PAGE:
After the House failed to pass a major tax bill Wednesday night, the future of the special session appeared shaky. But there was some progress in getting negotiations going again Thursday.
Speaker of the House Taylor Barras says the one bill keeping the talks alive is the same one that died on the House floor Wednesday night. It maintains a portion of a temporary sales tax increase.
"That bill, members, is the core to this debate and the core to the dollars that are important to solving as much of this deficit as we can," he told representatives.
It would take seventy votes, but technically, the bill can be brought back up for debate.
So far, the House hasn’t sent a single revenue bill over to the Senate. Senate President John Alario is disappointed by the inaction in the House. He says his chamber is ready to get to work.
“It seems to be an attitude amongst the Senate to solve the problem. But we’ve got to have some instruments for that to happen," he explained.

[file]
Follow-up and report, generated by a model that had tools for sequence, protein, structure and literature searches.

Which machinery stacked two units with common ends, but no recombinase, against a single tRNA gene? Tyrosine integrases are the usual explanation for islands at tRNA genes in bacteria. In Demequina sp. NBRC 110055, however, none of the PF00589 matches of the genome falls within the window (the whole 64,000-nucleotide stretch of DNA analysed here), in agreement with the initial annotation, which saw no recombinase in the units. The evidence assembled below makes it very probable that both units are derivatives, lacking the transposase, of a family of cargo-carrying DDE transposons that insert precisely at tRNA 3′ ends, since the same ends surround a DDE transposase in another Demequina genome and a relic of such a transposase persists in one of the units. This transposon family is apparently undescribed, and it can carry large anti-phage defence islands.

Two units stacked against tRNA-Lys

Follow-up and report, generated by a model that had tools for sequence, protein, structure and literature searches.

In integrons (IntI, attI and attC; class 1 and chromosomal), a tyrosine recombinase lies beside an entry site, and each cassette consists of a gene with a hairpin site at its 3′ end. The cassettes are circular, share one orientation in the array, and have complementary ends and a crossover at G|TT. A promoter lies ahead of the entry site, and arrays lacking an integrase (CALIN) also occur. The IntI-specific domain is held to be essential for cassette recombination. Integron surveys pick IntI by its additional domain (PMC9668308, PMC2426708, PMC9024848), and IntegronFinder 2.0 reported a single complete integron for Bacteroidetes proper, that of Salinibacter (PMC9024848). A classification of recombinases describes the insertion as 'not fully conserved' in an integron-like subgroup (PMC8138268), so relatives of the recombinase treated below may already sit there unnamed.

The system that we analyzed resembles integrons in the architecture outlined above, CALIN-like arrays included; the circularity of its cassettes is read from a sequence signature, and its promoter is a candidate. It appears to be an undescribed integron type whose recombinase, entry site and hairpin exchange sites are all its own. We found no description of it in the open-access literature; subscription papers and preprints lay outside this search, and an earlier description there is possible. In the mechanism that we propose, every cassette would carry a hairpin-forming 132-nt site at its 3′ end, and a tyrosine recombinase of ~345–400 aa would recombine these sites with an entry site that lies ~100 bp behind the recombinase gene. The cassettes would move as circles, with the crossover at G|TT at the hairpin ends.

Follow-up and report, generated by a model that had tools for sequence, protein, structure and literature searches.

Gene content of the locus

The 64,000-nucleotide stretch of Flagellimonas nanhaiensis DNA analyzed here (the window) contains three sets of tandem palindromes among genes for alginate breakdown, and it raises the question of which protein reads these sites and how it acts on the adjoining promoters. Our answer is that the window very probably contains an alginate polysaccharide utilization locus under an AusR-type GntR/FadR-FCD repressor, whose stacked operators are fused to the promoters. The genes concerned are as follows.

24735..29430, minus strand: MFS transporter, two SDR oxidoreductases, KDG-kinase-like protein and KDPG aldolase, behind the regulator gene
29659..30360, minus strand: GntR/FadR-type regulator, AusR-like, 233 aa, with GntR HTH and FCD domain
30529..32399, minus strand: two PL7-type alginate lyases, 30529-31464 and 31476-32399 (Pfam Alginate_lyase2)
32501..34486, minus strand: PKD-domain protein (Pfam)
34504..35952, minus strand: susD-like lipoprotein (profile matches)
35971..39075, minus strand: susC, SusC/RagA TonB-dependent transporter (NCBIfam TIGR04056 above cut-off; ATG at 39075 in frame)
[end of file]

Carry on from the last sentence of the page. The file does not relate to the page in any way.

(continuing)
If the Legislature can't come to an agreement on how to replace the billion dollar shortfall, they'll have to cut that amount of money from next year's budget.
"Education won’t be funded where it needs to be," he warned, "TOPS won’t be funded where it needs to be, health care will certainly fall way short. Maybe when they get an eye on how bad it's gonna be, they might have a different attitude."
Alario says a budget with so many cuts may not have enough support to pass in the regular session. And bills to raise revenue can’t be considered at that time, which would likely lead to another special session in June.
In the meantime, they’re still searching for a compromise.
"The Governor asked both sides to get in a room, try to work it out, don’t come out until you get something done," said Alario.
To give the Senate enough time to work on legislation, the House would have to pass a bill Friday. The session has to end no later than Wednesday.